It may be tempting to insist that a public servant owes allegiance to the country and the constitution (where applicable). Interestingly, the country can be more effectively served by an exemplary resignation. Such act sends a strong message that there are higher ideals than perks of office. As for the constitution, it almost always provides for resignation for open-ended reasons of officers who hold their offices by virtue of the constitution. Beyond the focus on public officer-turned- insider-activists in Nigeria, perhaps another important lesson in the Buckingham scenario is the quick volte-face by the university in recalling him as a tenured academic while confiscating his deanship. Rarely do Nigerian institutions exercise the courage to right wrongs or admit their gaffes. Sanusi could have borrowed a page from the likes of Oby Ezekwesili, who became a full-blown activist after public service and, by so doing, helps to elevate the quality of Nigerian public service. There is a dignified way of exiting the public service that NigeriaN actors have yet to embrace. The name is resignation.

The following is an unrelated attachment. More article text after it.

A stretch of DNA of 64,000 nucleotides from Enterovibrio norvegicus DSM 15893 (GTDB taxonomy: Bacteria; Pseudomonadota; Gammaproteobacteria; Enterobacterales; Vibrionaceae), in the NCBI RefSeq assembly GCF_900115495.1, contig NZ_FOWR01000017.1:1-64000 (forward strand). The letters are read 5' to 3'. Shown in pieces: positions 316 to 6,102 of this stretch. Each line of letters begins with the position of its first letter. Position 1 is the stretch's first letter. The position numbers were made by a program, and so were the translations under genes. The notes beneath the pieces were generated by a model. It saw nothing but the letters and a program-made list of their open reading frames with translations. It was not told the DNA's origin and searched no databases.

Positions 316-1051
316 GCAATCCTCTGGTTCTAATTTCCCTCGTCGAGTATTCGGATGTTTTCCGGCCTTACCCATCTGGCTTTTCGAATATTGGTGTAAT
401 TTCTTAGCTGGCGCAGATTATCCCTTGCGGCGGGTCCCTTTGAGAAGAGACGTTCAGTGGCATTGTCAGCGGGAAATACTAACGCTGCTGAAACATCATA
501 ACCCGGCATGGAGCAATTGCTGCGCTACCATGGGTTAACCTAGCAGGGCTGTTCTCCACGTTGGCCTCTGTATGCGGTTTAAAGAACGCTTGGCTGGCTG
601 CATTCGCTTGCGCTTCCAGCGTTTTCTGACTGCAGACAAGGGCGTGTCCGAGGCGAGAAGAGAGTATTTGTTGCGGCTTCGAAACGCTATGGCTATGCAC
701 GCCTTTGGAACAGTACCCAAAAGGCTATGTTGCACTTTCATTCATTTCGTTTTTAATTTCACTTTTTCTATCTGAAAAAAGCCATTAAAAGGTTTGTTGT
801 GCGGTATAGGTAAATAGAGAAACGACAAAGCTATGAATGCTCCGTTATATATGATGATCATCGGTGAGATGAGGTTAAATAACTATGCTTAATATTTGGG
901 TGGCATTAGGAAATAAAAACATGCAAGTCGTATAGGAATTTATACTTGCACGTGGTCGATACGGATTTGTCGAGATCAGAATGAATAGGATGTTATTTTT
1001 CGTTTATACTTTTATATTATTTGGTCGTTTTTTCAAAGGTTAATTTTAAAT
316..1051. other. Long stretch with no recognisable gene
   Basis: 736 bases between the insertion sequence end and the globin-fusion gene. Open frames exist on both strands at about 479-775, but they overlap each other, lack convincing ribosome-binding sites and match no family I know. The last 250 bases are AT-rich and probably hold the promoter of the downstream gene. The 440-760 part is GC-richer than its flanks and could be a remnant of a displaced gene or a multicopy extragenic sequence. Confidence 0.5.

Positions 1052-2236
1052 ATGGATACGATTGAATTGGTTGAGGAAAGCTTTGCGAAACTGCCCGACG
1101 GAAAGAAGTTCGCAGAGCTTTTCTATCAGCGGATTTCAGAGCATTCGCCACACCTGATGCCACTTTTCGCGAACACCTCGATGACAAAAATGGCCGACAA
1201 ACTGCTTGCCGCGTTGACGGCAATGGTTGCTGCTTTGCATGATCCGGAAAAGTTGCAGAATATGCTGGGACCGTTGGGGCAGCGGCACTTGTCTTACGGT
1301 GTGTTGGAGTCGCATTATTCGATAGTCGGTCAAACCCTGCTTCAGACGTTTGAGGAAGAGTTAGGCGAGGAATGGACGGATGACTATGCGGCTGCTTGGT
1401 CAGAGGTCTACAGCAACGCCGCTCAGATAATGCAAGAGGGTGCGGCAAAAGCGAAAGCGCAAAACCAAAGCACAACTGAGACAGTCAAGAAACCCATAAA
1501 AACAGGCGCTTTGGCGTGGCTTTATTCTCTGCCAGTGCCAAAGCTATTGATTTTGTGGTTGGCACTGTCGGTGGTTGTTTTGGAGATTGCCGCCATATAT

This opinion was first published in Punch on May 27,2014.